Skip to main content
Research article - Peer-reviewed, 2022

Assessing placement bias of the global river gauge network

Krabbenhoft, Corey A.; Allen, George H.; Lin, Peirong; Godsey, Sarah E.; Allen, Daniel C.; Burrows, Ryan M.; DelVecchia, Amanda G.; Fritz, Ken M.; Shanafield, Margaret; Burgin, Amy J.; Zimmer, Margaret A.; Datry, Thibault; Dodds, Walter K.; Jones, C. Nathan; Mims, Meryl C.; Franklin, Catherin; Hammond, John C.; Zipper, Sam; Ward, Adam S.; Costigan, Katie H.;
Show more authors


Hydrologic data collected from river gauges inform critical decisions for allocating water resources, conserving ecosystems and predicting the occurrence of droughts and floods. The current global river gauge network is biased towards large, perennial rivers, and strategic adaptations are needed to capture the full scope of rivers on Earth.Knowing where and when rivers flow is paramount to managing freshwater ecosystems. Yet stream gauging stations are distributed sparsely across rivers globally and may not capture the diversity of fluvial network properties and anthropogenic influences. Here we evaluate the placement bias of a global stream gauge dataset on its representation of socioecological, hydrologic, climatic and physiographic diversity of rivers. We find that gauges are located disproportionally in large, perennial rivers draining more human-occupied watersheds. Gauges are sparsely distributed in protected areas and rivers characterized by non-perennial flow regimes, both of which are critical to freshwater conservation and water security concerns. Disparities between the geography of the global gauging network and the broad diversity of streams and rivers weakens our ability to understand critical hydrologic processes and make informed water-management and policy decisions. Our findings underscore the need to address current gauge placement biases by investing in and prioritizing the installation of new gauging stations, embracing alternative water-monitoring strategies, advancing innovation in hydrologic modelling, and increasing accessibility of local and regional gauging data to support human responses to water challenges, both today and in the future.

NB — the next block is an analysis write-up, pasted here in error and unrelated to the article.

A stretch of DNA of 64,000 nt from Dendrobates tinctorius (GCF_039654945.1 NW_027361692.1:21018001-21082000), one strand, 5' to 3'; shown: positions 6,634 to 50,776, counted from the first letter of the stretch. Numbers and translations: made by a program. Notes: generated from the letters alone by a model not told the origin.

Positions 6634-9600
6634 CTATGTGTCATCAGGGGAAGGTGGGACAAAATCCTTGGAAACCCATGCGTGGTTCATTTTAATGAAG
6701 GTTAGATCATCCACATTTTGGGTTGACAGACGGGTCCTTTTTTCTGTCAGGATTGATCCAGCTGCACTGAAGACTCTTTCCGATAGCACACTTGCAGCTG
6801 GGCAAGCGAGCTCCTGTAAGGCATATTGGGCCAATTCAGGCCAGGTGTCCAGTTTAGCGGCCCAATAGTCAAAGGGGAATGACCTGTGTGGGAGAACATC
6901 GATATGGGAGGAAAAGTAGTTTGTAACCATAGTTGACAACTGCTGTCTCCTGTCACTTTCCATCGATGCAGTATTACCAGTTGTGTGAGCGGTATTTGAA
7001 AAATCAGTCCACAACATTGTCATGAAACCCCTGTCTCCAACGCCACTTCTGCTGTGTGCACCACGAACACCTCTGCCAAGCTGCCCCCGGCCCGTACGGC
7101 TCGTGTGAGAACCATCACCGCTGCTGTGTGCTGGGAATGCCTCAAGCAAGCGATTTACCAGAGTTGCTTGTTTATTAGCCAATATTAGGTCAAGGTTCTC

Published in

Nature sustainability
2022, volume: 5, number: 7, pages: 586-592

Authors' information

Krabbenhoft, Corey A.
State University of New York (SUNY) Buffalo
Allen, George H.
Texas AandM University College Station
Lin, Peirong
Peking University
Godsey, Sarah E.
Idaho State University
Allen, Daniel C.
Pennsylvania Commonwealth System of Higher Education (PCSHE)
Burrows, Ryan M.
University of Melbourne
DelVecchia, Amanda G.
Duke University
Fritz, Ken M.
United States Environmental Protection Agency
Shanafield, Margaret
Flinders University South Australia
Burgin, Amy J.
University of Kansas
Zimmer, Margaret A.
University of California Santa Cruz
Datry, Thibault
Dodds, Walter K.
Kansas State University
Jones, C. Nathan
University of Alabama Tuscaloosa
Mims, Meryl C.
Virginia Polytechnic Institute and State University
Franklin, Catherin
Texas AandM University College Station
Hammond, John C.
United States Geological Survey
Zipper, Sam
University of Kansas
Ward, Adam S.
Indiana University Bloomington
Costigan, Katie H.
University of Alabama Tuscaloosa
Show more authors

Sustainable Development Goals

SDG15 Life on land
SDG13 Climate action

UKÄ Subject classification

Oceanography, Hydrology, Water Resources

Publication Identifiers


URI (permanent link to this page)